It’s All in the Details – How Our Support Rod Clevis is Made

We put a lot of pride and care into our support rods. From start to finish, they’re machined, assembled, and shipped completely in-house. I’m excited to share the process of just one single component of the rods: the clevis.

Since our support rods are our “bread and butter”, our typical production run of clevises lasts about 24-32 hours. At two minutes apiece, thats just over 700 parts produced in a 24 hour period. The key to these efficient production runs lies in our bar-fed 4 axis lathe, which can machine the majority of the part in one operation, fully automated, with no human help.

First, material is loaded into the bar feeder magazine and automatically fed into the machine. From there, the machine performs the initial turning operations.

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Our 4-axis capable CNC lathe precisely drills and mills the features of the clevis.

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Two minutes later, the machine uses a parting tool to cut the completed part from the rest of the bar, and drops the clevis into the parts catcher.

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Once the initial machining is complete, a worker meticulously deburrs each part, one by one, on a soft wheel.

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Each part is loaded into a manual lathe where the back of the part is finished, the threaded hole is countersunk, and the part is inspected.

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Finally, the clevises are assembled along with the rod ends, barrels, and pins to create the finished product.

Splitter Support Rods

 

Is Your Job Shop Right for You? The Rise of Specialized Machine Shops

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No matter where in the country you are, chances are theres a machine shop within 15 miles of you. Many times, working with a local shop is preferable, for ease of communication and transportation. However, these days you can set up a Skype meeting with your machinist and they can ship a full box of parts from coast to coast in two days for under 20 bucks.

Geographical location should not take precedence over choosing the right shop for the job.

While many shops work across several industries, there are many specialty shops out there who have experience and skills that can be relevant to your project. For example, our specialty is motorsports, so when we have a new client in racing, off-road, etc, there’s a lot of advantages to be had.

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A Deeper Understanding of the Product

Often when clients approach a shop, they don’t have a full dimensioned drawing – maybe just a sketch on paper or an example part. When you choose a specialty shop, you’re working with someone who understands how the entire assembly works, so they can help provide proper tolerances to make sure you get parts both work perfectly and are economical to make.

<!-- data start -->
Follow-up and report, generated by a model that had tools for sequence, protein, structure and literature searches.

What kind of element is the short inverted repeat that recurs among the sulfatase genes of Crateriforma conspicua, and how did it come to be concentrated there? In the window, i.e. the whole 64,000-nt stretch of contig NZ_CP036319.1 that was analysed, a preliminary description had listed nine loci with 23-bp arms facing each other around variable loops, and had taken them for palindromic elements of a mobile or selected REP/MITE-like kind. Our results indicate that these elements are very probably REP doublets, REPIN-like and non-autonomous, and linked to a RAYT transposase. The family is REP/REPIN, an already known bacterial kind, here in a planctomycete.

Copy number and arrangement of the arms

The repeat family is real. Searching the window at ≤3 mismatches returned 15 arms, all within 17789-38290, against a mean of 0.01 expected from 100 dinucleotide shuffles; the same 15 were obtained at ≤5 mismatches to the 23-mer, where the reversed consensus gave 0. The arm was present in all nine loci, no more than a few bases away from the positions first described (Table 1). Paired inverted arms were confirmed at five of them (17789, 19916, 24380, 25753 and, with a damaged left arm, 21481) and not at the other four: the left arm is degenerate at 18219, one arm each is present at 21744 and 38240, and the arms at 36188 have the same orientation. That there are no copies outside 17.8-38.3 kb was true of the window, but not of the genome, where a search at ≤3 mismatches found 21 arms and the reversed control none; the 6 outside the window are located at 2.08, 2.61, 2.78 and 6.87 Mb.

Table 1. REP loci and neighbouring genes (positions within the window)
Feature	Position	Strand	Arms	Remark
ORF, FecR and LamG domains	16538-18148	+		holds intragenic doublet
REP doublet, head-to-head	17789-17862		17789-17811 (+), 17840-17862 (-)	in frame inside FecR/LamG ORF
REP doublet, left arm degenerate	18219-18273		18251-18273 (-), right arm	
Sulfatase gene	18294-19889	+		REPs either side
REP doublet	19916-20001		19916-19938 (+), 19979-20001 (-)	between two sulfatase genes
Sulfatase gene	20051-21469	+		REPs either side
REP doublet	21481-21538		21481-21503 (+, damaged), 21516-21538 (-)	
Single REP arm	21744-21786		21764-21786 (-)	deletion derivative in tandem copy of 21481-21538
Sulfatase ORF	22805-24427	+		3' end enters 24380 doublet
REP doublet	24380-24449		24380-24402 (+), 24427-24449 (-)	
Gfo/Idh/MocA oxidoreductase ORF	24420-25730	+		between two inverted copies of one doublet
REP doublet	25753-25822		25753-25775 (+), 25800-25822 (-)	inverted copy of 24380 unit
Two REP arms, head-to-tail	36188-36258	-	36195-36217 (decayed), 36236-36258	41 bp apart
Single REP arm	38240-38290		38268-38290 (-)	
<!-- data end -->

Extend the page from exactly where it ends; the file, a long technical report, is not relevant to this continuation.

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Prior Experience With Your Parts

I’m going to speak from the perspective of Motorsports here – 90% of parts we make, for a range of different clients, fall into one of the following categories:

  • Link – Cylinder of a given length and diameter, threaded in both ends
  • Clevis – “U-shaped” part which assembles with a thru-pin or bolt, and either a female or male thread on the end
  • Sleeve / Bushing – Cylindrical part used as a standoff or to adapt one diameter to another
  • High Misalignment Spacer – Allows greater articulation of a heim joint
  • Bung – Threaded part which is generally welded to the end of a tube
  • Pin – Cylinder of a given length and diameter

With this in mind, if you bring your part to a specialized machine shop, they likely have made your exact part before, or something really close. This means that they already have all required tools, fixturing, and likely an existing program to work off of, which eliminates cost, time, and trouble, ultimately saving you money and reducing turnaround time.

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Specialized Shops Across the Industry, From Race Cars to Wine

A great example of this is York Machine Works in St Helena, CA who built a strong following within the wine industry by machining custom components for fluid processing (such as venturis and flanges) as well as releasing their own product line. While each part is unique, the application is similar, allowing many parts to be designed and manufactured based on proven designs and on-hand materials.

So How Do I Find a Specialty Shop?

It’s actually really simple – just ask around. Often times parts companies who sub out their work tend to be a bit stingy when it comes to sharing the details of where their products are made, but if you have an existing relationship with a friend in the industry, just say “Hey look, I want to have this made. Know anyone?” If they make their products in-house, its likely that they also do contract manufacturing, and if they don’t, they probably know somebody.

Looking for a motorsports manufacturing shop? Shoot me an email, maybe we can work together.

The all-new Ford F-150 Raptor race truck competes in the grueling Best in the Desert Mint 400 off-road race in Primm, Nev., March 12, 2016. Photo credit: SnM-Media

Footnote: This is the first in a series of blog posts about manufacturing and product development for small and mid-size firms. If you’d like to follow these updates, please go give our Facebook page a like. Thanks!